Because the cyber-insurance market in many countries is relatively small compared to other insurance products, its overall impact on emerging cyber threats is difficult to quantify. As the impact to people and businesses from cyber threats is also relatively broad when compared to the scope of protection provided by insurance products, insurance companies continue to develop their services.
As insurers payout on cyber-losses, and as cyber threats develop and change, insurance products are increasingly being purchased alongside existing IT security services. Indeed, the underwriting criteria for insurers to offer cyber-insurance products are also early in development, and underwriters are actively partnering with IT security companies to develop their products.
Insurance coverage for cyber risk provides a means for companies and individuals to transfer a portion of their financial exposure to insurance markets. Insurance markets and companies can potentially contribute to the management of cyber risk by promoting awareness, encouraging measurement, and by providing incentives for risk reduction.
As well as directly improving security, cyber-insurance is enormously beneficial in the event of a large-scale security breach. Insurance provides a smooth funding mechanism for recovery from major losses, helping businesses to return to normal and reducing the need for government assistance. Finally, insurance allows cyber-security risks to be distributed fairly, with the cost of premiums commensurate with the size of expected loss from such risks. This avoids potentially dangerous concentrations of risk while also preventing free-riding.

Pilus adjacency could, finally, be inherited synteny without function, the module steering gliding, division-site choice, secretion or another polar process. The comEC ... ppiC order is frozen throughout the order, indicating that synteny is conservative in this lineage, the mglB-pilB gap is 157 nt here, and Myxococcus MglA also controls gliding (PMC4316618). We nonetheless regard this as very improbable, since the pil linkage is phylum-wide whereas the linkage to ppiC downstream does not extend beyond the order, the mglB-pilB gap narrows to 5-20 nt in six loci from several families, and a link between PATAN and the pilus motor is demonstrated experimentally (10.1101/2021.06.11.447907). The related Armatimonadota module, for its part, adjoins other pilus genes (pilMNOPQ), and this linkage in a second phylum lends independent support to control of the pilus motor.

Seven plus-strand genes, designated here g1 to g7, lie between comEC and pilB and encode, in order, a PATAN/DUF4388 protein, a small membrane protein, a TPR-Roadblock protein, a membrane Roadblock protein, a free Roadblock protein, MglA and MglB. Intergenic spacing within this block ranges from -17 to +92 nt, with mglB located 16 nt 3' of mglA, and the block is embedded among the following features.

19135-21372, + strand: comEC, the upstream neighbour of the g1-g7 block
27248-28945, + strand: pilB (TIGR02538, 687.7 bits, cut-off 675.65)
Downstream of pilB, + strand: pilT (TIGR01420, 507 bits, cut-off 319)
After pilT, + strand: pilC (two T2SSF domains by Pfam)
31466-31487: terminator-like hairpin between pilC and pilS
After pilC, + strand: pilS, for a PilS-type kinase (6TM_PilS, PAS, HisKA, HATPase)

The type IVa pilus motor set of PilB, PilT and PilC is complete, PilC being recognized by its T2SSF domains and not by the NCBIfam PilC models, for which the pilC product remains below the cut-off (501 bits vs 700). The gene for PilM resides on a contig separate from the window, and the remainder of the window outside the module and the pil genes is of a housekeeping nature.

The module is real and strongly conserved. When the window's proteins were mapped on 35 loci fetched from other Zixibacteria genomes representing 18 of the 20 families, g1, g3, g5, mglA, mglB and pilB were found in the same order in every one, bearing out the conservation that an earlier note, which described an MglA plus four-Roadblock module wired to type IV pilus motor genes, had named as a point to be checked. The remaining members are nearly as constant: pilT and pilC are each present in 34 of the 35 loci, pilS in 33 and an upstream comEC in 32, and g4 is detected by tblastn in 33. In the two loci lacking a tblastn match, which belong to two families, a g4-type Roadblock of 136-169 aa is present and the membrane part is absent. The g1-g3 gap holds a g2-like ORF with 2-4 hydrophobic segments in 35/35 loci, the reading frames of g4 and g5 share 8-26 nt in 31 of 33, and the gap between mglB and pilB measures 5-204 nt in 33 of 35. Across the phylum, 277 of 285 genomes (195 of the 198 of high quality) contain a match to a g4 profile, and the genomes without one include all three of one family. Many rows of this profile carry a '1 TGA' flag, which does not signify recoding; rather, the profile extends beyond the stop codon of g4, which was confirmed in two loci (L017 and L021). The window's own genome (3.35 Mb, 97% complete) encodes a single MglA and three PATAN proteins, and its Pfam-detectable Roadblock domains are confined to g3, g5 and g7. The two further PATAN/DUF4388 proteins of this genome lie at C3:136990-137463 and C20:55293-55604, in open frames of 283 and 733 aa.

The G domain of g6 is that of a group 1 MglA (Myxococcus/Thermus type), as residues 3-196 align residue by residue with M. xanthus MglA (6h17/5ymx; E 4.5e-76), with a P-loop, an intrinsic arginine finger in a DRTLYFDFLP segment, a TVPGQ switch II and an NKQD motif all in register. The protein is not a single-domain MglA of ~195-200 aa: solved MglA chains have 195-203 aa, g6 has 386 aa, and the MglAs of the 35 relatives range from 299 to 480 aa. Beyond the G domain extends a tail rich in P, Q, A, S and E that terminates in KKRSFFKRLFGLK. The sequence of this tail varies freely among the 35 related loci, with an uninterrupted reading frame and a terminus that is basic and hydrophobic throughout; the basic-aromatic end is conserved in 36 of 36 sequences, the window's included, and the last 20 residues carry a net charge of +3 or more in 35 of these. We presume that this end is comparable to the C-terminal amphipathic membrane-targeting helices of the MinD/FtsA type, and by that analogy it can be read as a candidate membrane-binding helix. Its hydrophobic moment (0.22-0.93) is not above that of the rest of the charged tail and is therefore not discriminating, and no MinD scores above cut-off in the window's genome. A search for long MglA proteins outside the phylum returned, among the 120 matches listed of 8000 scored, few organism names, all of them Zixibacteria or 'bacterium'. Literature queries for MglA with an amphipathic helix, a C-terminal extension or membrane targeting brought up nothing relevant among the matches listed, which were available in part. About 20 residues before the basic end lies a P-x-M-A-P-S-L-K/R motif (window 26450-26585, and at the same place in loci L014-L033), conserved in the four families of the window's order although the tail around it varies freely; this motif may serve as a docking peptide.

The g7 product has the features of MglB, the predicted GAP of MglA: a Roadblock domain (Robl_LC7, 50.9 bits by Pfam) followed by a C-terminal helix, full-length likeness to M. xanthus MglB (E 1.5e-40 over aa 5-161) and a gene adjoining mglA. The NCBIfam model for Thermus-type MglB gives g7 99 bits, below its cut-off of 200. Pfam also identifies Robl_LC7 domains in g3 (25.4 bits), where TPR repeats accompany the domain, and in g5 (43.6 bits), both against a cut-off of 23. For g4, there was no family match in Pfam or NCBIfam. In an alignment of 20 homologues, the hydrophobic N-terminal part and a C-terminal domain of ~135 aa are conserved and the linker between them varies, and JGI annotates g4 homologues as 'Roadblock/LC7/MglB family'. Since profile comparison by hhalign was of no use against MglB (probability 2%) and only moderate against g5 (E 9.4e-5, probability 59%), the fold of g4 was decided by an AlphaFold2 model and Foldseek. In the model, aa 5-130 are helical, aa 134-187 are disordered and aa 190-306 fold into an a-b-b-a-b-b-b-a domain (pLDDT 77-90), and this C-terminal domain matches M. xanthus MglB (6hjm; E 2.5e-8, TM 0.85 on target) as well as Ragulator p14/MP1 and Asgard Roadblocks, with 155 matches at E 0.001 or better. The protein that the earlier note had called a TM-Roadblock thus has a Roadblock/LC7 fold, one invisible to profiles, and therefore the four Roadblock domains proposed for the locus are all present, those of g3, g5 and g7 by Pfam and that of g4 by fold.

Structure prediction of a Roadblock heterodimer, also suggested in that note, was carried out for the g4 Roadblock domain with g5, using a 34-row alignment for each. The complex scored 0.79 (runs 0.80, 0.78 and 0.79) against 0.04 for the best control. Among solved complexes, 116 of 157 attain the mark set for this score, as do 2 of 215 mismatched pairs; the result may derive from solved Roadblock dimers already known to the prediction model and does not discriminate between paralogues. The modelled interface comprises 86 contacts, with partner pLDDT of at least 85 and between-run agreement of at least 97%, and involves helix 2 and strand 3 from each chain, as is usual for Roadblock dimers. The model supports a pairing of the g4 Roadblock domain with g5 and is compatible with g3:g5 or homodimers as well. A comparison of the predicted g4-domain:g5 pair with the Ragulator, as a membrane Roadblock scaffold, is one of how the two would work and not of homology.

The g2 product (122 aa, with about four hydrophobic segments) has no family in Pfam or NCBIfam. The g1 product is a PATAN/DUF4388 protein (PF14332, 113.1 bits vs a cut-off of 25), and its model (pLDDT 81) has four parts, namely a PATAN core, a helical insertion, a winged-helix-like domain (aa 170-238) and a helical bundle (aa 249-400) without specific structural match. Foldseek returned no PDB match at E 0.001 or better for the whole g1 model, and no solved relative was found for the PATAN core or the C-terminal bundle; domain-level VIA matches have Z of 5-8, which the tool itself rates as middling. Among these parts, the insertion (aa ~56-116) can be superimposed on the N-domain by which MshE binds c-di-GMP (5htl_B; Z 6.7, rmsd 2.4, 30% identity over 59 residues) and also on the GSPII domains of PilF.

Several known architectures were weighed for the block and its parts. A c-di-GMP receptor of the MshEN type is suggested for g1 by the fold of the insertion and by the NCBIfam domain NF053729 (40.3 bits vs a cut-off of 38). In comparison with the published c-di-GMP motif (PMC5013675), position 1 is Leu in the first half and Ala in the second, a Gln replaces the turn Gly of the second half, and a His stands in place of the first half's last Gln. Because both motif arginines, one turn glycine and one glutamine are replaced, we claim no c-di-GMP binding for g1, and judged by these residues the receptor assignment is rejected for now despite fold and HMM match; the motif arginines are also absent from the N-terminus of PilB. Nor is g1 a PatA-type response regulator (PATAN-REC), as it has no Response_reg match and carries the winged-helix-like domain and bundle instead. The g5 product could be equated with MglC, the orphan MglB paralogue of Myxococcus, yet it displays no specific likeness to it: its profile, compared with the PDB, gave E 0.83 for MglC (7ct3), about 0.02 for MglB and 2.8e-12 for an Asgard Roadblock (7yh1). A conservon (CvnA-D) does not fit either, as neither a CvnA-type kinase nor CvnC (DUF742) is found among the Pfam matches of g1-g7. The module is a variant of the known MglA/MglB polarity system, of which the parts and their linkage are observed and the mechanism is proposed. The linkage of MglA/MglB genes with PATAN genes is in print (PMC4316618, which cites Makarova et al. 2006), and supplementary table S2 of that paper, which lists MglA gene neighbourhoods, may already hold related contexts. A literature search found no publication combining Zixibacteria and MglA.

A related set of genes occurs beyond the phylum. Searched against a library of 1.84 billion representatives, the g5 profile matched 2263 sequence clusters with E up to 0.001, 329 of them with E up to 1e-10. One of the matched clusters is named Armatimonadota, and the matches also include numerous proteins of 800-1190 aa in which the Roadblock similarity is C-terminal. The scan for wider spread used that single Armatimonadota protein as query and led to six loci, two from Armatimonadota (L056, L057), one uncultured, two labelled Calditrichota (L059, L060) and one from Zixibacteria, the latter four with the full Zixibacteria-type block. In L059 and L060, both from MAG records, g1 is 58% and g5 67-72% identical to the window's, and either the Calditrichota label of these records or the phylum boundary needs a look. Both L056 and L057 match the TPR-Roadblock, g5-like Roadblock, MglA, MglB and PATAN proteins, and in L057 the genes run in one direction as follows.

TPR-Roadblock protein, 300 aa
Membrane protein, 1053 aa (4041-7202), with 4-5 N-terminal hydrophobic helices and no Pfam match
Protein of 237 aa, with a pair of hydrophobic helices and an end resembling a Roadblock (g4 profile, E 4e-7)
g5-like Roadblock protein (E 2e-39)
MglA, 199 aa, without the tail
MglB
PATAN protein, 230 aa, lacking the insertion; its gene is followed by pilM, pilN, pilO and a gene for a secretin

Most people believe that only large-scale industries, such as banks and credit card companies, need cyber security insurance. However, any electronic information such as your name, email, contact number, financial records, medical records, payment information, government documentation, etc., stored in your personal devices can be easily and quickly hacked by a genius hacker.
While not a substitute for investing in cybersecurity and risk management, insurance coverage for cyber risk can make a significant contribution to the management of cyber risk by promoting awareness about exposure to cyber losses, sharing expertise on risk management, encouraging investment in risk reduction and facilitating the response to cyber incidents.
Cyber Insurance policies